Title: Re: Does constant current flow if a magnet approaches a superconductor ring?
Post by: evan_au on 01/10/2017 19:54:37
Quote from:  theThinker
1) Is there an induced current? if yes, how large is the current as compared to usual currents in conductors. How is the drift speed of the electrons?
A magnet approaching a superconductor will induce a current that cancels the external field. Even though the resistance is zero, the current is not infinite, as you only need a finite current to oppose a finite external magnetic field.

The charge carriers in a normal metal are electrons with a charge of -1, typically 1 free electron per atom.

As I understand it, the charge carriers in a conventional (BCS) superconductor are pairs of electrons with a charge of -2, on average 1 Cooper Pair per 2 atoms.

So the speed of the charge carriers will be the same in a metal when it is carrying a constant current, whether it is conducting normally or when it is cooled to act as a superconductor.

See: https://en.wikipedia.org/wiki/Superconductivity#Conventional_theories_.281950s.29

Quote
2) Does repeated induction cause a greater current and magnetic strength.
As the magnet approaches, the supercurrent grows to cancel the approaching magnetic fields (Meissner effect).
If you withdraw the magnet, ready for another "repeat", the supercurrent drops back to zero. So repeated application of the same magnet merely creates the same current.

If you instead bring in one magnet, then an extra one, and another one, the supercurrent increases each time. But the magnetic field inside the body of the superconductor remains at zero, due to the Meissner effect.

Adding extra external magnets only works up to a critical field, where the superconductivity disappears. There is a different critical field Hc for each type of superconductor.

See Hc column in: https://en.wikipedia.org/wiki/List_of_superconductors
Title: Re: Does constant current flow if a magnet approaches a superconductor ring?
Post by: theThinker on 02/10/2017 10:38:39
Quote from:  theThinker
1) Is there an induced current? if yes, how large is the current as compared to usual currents in conductors. How is the drift speed of the electrons?
A magnet approaching a superconductor will induce a current that cancels the external field. Even though the resistance is zero, the current is not infinite, as you only need a finite current to oppose a finite external magnetic field.

The charge carriers in a normal metal are electrons with a charge of -1, typically 1 free electron per atom.

As I understand it, the charge carriers in a conventional (BCS) superconductor are pairs of electrons with a charge of -2, on average 1 Cooper Pair per 2 atoms.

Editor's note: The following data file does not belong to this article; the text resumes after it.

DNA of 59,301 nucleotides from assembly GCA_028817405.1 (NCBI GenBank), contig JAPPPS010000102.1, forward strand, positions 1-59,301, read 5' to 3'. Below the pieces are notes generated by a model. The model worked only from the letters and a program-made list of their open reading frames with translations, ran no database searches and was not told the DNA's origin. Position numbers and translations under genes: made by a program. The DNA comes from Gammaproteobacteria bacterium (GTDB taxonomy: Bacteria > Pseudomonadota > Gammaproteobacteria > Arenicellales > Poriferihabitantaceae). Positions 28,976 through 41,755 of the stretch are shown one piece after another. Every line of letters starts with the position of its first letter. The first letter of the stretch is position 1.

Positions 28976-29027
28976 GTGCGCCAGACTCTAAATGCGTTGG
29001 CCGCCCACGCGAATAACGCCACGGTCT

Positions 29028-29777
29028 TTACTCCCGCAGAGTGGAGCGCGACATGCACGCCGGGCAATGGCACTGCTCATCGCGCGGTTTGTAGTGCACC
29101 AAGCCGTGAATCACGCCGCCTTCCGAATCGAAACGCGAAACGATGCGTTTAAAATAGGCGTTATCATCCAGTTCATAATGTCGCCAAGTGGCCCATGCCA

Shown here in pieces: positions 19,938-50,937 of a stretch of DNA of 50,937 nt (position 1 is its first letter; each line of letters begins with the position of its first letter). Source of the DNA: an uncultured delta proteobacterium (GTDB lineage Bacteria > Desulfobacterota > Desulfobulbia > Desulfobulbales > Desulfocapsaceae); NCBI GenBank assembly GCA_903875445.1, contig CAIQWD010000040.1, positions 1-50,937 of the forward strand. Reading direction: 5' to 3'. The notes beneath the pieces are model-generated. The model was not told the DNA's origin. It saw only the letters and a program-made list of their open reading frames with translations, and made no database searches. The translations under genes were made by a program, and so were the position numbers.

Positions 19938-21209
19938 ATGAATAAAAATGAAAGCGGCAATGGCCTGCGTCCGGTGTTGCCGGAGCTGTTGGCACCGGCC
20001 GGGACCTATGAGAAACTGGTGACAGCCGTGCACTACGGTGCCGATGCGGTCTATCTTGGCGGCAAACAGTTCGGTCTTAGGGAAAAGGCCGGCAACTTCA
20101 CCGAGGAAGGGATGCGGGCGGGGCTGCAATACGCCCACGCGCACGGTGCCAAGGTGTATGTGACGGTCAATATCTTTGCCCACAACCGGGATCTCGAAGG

So the speed of the charge carriers will be the same in a metal when it is carrying a constant current, whether it is conducting normally or when it is cooled to act as a superconductor.

See: https://en.wikipedia.org/wiki/Superconductivity#Conventional_theories_.281950s.29

Quote
2) Does repeated induction cause a greater current and magnetic strength.
As the magnet approaches, the supercurrent grows to cancel the approaching magnetic fields (Meissner effect).
If you withdraw the magnet, ready for another "repeat", the supercurrent drops back to zero. So repeated application of the same magnet merely creates the same current.

If you instead bring in one magnet, then an extra one, and another one, the supercurrent increases each time. But the magnetic field inside the body of the superconductor remains at zero, due to the Meissner effect.

Adding extra external magnets only works up to a critical field, where the superconductivity disappears. There is a different critical field Hc for each type of superconductor.

See Hc column in: https://en.wikipedia.org/wiki/List_of_superconductors
I have just read the wiki article on the Meissner effect. What I found is superconductivity is complicated and there is no straightforward explanation. Even too large a current may destroy superconductivity.

So I think usual Faraday induction may not apply exactly. But I still think the drift current here is much higher than usual; but they don't use drift velocity anymore but "... and ϕ is the phase of the condensate wave function. ... ":
https://physics.stackexchange.com/questions/36053/relativistic-drift-velocity-of-electrons-in-a-superconductor
So they bypass any drift velocity by using electron as waves."
   
"@HolgerFiedler 1) There is no B field inside a superconductor. In the case of vortices the B field goes through the vortex core, where the superfluid density is small. The field and current distribution in a   superconducting wire or coil are complicated, but the main observation is that the current is concentrated near the surface of the wire. 2) There is no radiation (just like in an atom), the electrons are in a quantum state with fixed L. Thomas Dec 30 '15 at 2:40 "

I don't know why people still love the Lamor's formula so much.